Social Stigma and Sexual Epidemics
3. Social Structure: A Case of Racial Redux
The term “social structure” is often interpreted to mean bricks-andmortar institutions such as schools and colleges or public health
departments, or social institutions such as religion and marriage. This
institutional order is the skeletal structure of society. In the sexual
epidemics, both types of social institutions play a pivotal role in how
history and biography intersect to produce stigma through tradition,
policy, and the law. In the United States, the institutional role in the
production of stigma was enacted variously through compulsory
premarital testing for syphilis, contact tracing for notifiable STIs, and
the location of STI clinics in predominantly minority neighborhoods.
Religious institutions are an obvious example of institutional machinery
for stigma production in the sexual epidemics, if only because biblical
teachings are a moral guidepost for millions of Americans who are
likely to frame responses to the sexual epidemics accordingly. In these
settings, STIs are typically presented as a morality tale. It should not
come as a surprise to learn that religious teachings often advocate
abstinence before marriage, contest the efficacy of condom use for
STI/HIV prevention, and, in some cases, lead to the expulsion of church
members who are known to be infected with HIV/AIDS (Lichtenstein
2003). These are powerful messages about what it means to be
diagnosed with STIs.
Religion often behaves in paradoxical ways. For example, some
churches send emissaries to countries in sub-Saharan Africa to minister
to HIV-infected people, especially women and orphans, but also to
entire communities—a charitable act that is often at odds with their
activities at home. It is telling that this outreach increased exponentially
after faith-based organizations received federal funding in 2003 from the
George W. Bush administration for HIV-service delivery to Africa
(Bradley-Springer 2010). In terms of raising awareness of the role that
institutions play in reproducing stigma, what should an HIV-infected
person make of the apparent contradiction in churches that provide HIV
outreach to Africa and practice social exclusion at home—both in
response to a sexual epidemic? A Millsian analysis would probably be a
cynical one: consider the prosetlyzing history of the Christian church in
Africa and then consider the excluded person’s role as an outsider in the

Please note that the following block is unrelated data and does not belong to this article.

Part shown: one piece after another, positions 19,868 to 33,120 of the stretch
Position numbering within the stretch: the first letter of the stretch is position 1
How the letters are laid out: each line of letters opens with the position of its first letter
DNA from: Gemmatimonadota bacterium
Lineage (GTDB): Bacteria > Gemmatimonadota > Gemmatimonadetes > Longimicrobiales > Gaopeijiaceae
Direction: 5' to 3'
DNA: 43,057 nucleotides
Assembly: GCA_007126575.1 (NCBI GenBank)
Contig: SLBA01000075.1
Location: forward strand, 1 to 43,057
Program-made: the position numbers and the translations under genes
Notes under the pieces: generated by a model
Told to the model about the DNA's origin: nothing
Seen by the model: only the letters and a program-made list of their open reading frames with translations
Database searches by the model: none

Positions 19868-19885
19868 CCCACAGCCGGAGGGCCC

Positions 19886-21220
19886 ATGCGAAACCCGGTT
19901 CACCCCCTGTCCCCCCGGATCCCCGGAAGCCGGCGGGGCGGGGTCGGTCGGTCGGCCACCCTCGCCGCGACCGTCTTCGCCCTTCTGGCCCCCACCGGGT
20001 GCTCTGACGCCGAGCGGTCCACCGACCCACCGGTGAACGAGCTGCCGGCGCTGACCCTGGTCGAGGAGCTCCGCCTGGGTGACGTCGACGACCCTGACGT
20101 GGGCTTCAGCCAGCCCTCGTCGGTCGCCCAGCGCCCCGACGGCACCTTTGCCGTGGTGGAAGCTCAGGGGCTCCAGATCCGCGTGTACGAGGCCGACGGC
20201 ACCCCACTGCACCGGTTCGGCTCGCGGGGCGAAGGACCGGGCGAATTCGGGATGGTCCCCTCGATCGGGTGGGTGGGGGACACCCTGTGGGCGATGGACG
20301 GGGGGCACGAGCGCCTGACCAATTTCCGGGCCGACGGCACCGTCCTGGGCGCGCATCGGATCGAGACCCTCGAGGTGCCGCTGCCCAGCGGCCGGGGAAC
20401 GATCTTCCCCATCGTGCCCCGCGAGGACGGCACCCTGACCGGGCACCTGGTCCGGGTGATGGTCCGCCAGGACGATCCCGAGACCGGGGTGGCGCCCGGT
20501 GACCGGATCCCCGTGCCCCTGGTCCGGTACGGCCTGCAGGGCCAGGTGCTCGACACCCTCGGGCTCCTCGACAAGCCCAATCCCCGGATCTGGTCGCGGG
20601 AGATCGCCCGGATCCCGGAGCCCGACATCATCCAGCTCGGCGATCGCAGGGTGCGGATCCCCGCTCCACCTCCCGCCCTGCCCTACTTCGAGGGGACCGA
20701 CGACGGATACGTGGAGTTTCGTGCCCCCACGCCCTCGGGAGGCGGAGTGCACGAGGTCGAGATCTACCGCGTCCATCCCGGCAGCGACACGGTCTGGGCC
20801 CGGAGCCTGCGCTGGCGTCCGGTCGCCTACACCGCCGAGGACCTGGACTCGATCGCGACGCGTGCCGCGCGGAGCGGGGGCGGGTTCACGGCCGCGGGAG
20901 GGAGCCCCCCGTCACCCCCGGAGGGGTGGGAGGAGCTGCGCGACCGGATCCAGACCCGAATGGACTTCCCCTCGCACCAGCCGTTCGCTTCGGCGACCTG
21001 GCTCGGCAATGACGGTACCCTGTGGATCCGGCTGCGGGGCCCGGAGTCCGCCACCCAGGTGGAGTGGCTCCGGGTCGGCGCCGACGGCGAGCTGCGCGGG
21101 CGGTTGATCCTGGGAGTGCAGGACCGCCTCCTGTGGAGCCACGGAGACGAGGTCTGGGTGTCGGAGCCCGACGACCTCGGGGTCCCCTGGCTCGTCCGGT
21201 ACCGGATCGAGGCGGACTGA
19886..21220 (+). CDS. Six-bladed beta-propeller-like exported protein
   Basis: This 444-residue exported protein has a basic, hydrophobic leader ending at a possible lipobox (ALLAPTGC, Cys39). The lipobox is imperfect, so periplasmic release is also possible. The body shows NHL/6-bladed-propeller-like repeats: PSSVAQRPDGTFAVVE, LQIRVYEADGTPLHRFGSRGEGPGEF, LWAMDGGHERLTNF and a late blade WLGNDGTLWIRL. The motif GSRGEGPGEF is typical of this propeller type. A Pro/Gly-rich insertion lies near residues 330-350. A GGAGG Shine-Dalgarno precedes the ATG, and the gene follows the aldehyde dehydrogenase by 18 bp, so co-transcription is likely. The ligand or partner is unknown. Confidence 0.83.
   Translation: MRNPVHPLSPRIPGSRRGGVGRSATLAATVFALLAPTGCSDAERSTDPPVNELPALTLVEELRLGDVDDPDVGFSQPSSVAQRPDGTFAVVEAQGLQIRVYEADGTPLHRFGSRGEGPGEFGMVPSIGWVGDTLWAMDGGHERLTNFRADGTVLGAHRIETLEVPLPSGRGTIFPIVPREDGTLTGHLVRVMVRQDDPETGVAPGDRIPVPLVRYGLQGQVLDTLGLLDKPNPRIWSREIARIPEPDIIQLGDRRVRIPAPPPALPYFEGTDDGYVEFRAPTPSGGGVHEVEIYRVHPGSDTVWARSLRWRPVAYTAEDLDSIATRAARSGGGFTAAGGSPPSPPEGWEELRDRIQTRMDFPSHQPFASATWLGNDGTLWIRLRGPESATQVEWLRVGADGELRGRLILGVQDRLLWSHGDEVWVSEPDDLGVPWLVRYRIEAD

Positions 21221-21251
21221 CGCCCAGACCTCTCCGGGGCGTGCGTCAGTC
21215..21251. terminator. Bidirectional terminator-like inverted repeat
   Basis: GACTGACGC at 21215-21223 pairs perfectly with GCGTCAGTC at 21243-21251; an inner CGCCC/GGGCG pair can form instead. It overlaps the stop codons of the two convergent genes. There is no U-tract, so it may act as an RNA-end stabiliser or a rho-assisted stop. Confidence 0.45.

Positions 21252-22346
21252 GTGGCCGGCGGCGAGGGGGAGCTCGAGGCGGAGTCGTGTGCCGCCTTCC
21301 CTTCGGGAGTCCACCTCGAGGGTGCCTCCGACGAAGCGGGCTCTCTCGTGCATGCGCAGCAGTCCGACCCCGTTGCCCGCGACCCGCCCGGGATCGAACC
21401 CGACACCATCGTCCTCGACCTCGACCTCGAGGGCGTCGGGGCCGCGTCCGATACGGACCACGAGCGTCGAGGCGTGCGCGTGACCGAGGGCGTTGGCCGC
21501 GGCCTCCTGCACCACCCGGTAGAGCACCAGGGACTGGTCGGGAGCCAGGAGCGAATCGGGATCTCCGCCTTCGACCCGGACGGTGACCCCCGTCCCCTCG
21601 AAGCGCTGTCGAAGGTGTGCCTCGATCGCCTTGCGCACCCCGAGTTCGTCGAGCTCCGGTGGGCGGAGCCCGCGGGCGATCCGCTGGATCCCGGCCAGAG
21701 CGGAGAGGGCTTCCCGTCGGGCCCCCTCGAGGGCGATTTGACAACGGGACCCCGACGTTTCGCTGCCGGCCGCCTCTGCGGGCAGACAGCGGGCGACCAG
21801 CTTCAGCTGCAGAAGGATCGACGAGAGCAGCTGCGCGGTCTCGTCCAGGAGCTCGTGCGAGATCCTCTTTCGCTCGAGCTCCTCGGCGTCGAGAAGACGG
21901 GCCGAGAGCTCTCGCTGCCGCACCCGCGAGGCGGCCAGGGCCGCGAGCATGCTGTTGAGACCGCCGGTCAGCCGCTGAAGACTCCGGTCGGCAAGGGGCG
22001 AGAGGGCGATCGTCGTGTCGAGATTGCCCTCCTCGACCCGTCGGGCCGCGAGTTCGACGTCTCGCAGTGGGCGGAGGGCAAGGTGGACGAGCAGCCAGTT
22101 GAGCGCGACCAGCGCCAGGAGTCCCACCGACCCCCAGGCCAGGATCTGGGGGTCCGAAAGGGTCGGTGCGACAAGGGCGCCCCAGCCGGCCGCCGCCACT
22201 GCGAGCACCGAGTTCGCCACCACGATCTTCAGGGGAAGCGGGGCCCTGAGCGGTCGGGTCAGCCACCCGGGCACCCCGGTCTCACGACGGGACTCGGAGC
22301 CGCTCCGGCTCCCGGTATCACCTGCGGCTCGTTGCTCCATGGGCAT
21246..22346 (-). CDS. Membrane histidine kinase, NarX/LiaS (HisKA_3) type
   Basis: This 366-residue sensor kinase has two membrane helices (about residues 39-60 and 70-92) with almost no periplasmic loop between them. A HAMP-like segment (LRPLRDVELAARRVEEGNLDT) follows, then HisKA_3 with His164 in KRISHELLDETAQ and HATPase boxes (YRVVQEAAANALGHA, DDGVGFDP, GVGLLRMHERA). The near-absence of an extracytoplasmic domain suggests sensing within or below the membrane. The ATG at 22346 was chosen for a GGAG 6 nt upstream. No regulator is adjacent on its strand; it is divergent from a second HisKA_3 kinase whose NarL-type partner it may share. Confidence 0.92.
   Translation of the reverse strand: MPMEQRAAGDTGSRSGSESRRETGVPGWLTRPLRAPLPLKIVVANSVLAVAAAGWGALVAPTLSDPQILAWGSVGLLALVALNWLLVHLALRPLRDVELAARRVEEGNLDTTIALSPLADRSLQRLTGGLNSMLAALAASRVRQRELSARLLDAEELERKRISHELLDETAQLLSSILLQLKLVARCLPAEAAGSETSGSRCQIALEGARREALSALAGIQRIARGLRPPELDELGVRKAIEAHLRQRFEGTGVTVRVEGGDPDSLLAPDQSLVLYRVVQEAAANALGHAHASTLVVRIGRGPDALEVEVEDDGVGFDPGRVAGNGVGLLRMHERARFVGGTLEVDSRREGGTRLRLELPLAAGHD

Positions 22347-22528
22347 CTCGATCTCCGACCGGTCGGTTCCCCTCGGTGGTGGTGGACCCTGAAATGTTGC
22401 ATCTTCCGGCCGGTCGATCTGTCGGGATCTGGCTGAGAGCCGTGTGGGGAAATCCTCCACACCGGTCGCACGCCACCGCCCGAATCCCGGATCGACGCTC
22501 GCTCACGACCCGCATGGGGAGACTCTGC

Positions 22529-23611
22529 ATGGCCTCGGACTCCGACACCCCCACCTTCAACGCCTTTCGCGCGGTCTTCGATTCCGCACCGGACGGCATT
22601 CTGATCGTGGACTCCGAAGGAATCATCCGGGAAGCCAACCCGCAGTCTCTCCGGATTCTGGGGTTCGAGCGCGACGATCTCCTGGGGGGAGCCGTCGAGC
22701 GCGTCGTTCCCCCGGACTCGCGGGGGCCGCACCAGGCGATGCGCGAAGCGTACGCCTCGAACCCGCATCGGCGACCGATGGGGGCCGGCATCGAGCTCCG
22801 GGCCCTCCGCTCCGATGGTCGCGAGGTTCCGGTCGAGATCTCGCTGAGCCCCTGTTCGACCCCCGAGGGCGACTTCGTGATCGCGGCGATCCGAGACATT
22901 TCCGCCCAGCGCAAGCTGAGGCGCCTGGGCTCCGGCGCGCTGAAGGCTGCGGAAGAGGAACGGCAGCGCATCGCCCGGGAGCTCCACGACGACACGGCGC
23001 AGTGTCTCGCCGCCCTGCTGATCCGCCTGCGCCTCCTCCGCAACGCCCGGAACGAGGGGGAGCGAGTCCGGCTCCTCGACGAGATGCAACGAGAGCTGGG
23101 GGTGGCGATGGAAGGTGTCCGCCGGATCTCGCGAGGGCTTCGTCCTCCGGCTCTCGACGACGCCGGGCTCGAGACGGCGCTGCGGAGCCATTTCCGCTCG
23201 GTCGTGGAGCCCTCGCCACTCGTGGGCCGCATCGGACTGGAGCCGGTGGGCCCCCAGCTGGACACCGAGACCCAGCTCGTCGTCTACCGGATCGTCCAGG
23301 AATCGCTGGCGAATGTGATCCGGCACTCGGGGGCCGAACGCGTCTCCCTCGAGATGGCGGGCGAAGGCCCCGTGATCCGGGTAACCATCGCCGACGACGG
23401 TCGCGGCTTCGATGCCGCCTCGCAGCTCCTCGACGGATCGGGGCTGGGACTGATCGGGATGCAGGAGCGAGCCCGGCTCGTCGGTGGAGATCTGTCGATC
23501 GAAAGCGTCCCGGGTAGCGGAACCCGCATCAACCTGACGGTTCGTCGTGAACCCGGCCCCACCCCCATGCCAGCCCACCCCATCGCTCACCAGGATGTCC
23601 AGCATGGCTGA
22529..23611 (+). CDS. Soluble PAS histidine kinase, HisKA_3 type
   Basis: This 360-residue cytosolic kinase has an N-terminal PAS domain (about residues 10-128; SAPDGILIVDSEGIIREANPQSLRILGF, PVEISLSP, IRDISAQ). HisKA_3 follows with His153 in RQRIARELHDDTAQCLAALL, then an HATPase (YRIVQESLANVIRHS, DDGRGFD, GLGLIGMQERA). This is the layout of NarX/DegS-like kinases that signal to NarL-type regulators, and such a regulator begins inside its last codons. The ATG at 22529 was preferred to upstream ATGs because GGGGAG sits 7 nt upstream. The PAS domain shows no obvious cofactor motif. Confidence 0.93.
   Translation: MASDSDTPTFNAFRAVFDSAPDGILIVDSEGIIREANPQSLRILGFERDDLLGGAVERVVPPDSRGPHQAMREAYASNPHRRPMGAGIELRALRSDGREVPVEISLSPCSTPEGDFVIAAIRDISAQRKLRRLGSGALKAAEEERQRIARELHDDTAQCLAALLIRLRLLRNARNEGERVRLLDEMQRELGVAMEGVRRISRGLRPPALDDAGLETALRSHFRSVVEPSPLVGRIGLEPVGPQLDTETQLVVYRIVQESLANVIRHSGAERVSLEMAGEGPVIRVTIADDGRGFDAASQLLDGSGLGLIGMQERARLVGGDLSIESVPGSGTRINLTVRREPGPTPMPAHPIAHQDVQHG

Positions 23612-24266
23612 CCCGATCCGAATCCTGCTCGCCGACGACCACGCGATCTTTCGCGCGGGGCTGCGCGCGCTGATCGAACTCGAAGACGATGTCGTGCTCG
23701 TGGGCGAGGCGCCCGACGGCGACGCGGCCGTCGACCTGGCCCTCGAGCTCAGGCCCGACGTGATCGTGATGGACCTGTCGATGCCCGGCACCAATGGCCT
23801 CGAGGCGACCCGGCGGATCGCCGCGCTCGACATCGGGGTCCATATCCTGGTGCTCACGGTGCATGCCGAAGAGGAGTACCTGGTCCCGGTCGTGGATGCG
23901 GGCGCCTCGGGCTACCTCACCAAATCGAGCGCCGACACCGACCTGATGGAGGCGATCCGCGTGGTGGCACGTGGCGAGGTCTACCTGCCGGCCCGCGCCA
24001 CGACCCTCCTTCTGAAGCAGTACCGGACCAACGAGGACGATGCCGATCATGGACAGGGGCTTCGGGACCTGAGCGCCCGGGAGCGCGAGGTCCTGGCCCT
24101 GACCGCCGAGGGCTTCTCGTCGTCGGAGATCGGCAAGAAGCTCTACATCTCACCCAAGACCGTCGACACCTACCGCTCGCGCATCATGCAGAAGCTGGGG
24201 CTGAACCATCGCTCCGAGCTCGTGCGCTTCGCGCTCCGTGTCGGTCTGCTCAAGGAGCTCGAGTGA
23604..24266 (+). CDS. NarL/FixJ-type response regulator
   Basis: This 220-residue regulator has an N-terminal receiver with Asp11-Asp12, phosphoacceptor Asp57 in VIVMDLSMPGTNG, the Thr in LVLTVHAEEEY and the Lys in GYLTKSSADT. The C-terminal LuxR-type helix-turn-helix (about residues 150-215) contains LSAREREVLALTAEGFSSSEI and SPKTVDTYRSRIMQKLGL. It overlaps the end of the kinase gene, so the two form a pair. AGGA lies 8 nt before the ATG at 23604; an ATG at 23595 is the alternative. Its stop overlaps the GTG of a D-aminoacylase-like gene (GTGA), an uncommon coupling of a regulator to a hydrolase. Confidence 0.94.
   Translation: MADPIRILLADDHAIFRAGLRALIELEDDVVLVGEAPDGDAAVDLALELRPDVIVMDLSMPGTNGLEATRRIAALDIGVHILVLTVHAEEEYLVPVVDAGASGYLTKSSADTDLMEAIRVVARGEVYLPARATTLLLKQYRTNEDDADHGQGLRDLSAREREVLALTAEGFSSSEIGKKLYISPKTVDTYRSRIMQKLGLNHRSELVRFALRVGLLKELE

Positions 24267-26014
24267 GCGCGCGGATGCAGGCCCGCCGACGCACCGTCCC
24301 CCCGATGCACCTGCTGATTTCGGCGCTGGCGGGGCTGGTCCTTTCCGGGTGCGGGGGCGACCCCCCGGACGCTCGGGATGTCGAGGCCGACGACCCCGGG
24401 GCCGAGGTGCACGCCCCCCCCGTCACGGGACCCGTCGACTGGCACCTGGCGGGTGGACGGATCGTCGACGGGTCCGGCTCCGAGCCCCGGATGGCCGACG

local church’s moral order. If saving souls is church business, then the
Africa connection is part of a colonizing enterprise; stigmatizing tropes
will be promulgated through this expansion, and social exclusion will be
evidence that stigma is a useful control mechanism for marking
morality. There is also the suggestion that meeting local needs is less
Bowled Over by the Grim Reaper
17
compelling than international work being funded by donor agencies or
the federal government.
If this interpretation is correct, then the exclusion/inclusion paradox
would help to explain why health officials in the United States who
enlist church leaders for help in educating their congregants about safer
sex often fail in their task. The take-home message is that cultural
transmission of ideas about sexual or social deviance through the
stigmatized body is all powerful, that the church is an efficient
transmitter of these ideas, and that the social structure is being
reproduced through institutionally sanctioned stigma that colonizes
one’s own body as well as bodies in other nations. As I explain in
Chapter 6, the comingling of HIV-service delivery and religious services
in Africa is not value free: ample evidence reveals how ideology has
trumped science through funding criteria that effectively ban family
planning and condom distribution (Evertz 2010). Despite the highly
public act of charitable giving for HIV/AIDS, the destigmatizing of nonHIV STIs or even HIV is highly unlikely in these circumstances,
primarily because the stigma is an ideology that is exported as an
American ideal.
Thus, the role of social structure is nowhere more evident than in
the politicization of funding for the sexual epidemics. Taking the case of
funding for HIV/AIDS further, community activists in the United States
have looked askance at the wealth of taxpayer funds being sent to
countries in sub-Saharan Africa for the President’s 2003 Emergency
Plan for AIDS Relief (PEPFAR) and the inpouring of private money
from the Melinda and Bill Gates Foundation in subsequent years. No
one would begrudge donating money to impoverished HIV-infected
people who lack access to ARV medicines as well as the basic
necessities of life. But consider the federal funding for HIV care in the
United States as guaranteed by the Ryan White Care Act of 1990 and its
amendments. In the early years of the epidemic, most of this funding
was allocated to the HIV epicenters such as San Francisco and New
York where gay men were becoming infected at alarming rates. In the
intervening years, the locus of the epidemic shifted to African
Americans in the regional South. Funding allocations did not follow this